jp-wf.gif. Japan. 11 June 2002 <http://www.fotw.stm.it/flags/jp.html>.

The Japanese war flag that existed in World War II seems to be one of the most powerful flags ever conceived. It was on this site that a copy of the flag was obtained, and allows for viewers to understand more of what Japan was like during the war. This site featured many different flags of Japan, so thus the copy of the flag that received more than likely is as correct as it could be.

Kaehler, Wolfgang. Liaison International, By Noriko S. Nomura. N.p.: n.p., n.d.

The picture that was viewed by this author truly showed the ideas behind Shinto and its culture. They were found in a book about Shinto, and so have a reputable source to back up their worth. They are educational about the styles of the religion, and what many of the beliefs in the system are like for those who do not reside in Japan or are members of Shinto.

Kasprowicz, Donna. Torii at Meiji., Teaching Comparative Religion Through Art and Architecture. 11 June 2002.<http://ias.berkeley.edu/orias/visuals/japan_visuals/shintoB.HTM>.

It was from this location that a picture was found of one of Japan's grand Toriis. This site is very credible for the amazing pictures it has collected of Toriis from many different people all around the world. It was from pictures like these and the one collected that I was able to better understand what it would be like in a Shinto shrine, in a different culture.

Matsumoto, Tsugufumi. JAPAN WAR SHRINE. TOKYO, Japan. AP Photo Archive. 11 June 2002 <http://accuweather.ap.org>.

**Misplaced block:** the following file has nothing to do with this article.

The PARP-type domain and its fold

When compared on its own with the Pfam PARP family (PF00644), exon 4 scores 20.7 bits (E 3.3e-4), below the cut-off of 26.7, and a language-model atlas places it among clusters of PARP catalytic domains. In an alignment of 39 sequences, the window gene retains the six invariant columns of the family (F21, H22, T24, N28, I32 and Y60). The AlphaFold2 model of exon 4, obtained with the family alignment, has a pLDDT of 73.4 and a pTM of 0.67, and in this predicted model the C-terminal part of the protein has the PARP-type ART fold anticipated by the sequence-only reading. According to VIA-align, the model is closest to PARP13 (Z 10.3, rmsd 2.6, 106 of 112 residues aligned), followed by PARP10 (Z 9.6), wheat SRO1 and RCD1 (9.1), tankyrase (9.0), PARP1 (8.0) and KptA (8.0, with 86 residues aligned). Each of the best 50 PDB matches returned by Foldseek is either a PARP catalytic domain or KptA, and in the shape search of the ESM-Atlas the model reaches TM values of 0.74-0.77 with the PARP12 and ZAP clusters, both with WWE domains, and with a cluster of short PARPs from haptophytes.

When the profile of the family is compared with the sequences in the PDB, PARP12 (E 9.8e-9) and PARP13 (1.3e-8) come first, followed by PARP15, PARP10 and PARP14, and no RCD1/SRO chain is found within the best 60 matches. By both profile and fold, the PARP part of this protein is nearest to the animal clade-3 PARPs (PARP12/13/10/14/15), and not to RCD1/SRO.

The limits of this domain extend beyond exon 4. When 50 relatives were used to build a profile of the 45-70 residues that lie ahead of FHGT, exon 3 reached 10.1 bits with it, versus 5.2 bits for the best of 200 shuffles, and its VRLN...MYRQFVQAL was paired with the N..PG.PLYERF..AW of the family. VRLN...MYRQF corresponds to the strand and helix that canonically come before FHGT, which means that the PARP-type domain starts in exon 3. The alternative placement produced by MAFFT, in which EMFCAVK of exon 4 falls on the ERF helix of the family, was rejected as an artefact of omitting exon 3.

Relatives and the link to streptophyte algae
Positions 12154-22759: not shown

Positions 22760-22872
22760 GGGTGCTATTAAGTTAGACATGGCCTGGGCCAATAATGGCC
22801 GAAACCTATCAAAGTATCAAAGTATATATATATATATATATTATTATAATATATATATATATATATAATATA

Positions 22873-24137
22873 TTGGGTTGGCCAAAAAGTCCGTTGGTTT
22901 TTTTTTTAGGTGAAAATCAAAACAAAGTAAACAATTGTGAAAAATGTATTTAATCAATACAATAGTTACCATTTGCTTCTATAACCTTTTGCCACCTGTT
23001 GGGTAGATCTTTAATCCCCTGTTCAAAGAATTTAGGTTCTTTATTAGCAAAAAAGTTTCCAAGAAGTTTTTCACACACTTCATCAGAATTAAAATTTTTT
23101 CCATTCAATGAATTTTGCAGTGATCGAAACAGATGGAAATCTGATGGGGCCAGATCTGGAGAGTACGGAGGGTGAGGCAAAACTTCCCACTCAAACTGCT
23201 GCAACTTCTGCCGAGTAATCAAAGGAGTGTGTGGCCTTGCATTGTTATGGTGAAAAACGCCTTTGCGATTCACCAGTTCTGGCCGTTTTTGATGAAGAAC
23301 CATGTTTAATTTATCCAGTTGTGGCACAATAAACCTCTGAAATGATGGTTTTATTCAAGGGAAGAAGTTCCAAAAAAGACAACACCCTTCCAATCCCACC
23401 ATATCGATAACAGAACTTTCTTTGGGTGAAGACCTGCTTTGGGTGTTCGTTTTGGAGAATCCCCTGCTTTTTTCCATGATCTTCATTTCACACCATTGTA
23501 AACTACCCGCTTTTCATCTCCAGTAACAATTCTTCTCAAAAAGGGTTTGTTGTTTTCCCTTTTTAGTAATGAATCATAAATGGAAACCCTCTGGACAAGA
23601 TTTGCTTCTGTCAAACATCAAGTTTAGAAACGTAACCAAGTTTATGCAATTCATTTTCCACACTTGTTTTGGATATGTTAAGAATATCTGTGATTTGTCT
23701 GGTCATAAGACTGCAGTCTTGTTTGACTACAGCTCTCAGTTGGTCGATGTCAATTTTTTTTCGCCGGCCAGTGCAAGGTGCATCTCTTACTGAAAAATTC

A photograph of a ceremony for Japans war dead was found here. It was this picture that expressed the true feelings of veterans in Japan, and what it meant to be a part of such a ceremony for Shintoists. The AP Photo Archive is a very credible source put out by the respectable Associated Press.

Malherbe, Michel . SHINTO - JAPAN : What is Shintoism? 2002. 7 May 2002 <http://www.emmanuel-info.com/en/dossiers/shinto.html>.

Explanations of Shinto and its historical evolution over time is what can be found on this page. It explored these aspects of Shinto, and went into depth about what they really meant. This source id part of collection of information about many different religions, and thus is able to claim authenticity for its information.

Mori, Dr. Barbara. The Way of the Gods. California Polytechnic State University. 11 June 2002 <http://cla.calpoly.edu/~bmori/syll/Hum310japan/Shinto.html>.

This site was used as a guide for college students taking a course on the history of Japan, and thus collected many different valuable sources together to form this page. The information is basically an overview of the religion, and focuses on explaining the definitions of many different Shinto beliefs and traditions for the reader to understand. Since this site was made for a college I imagine it is very acceptable.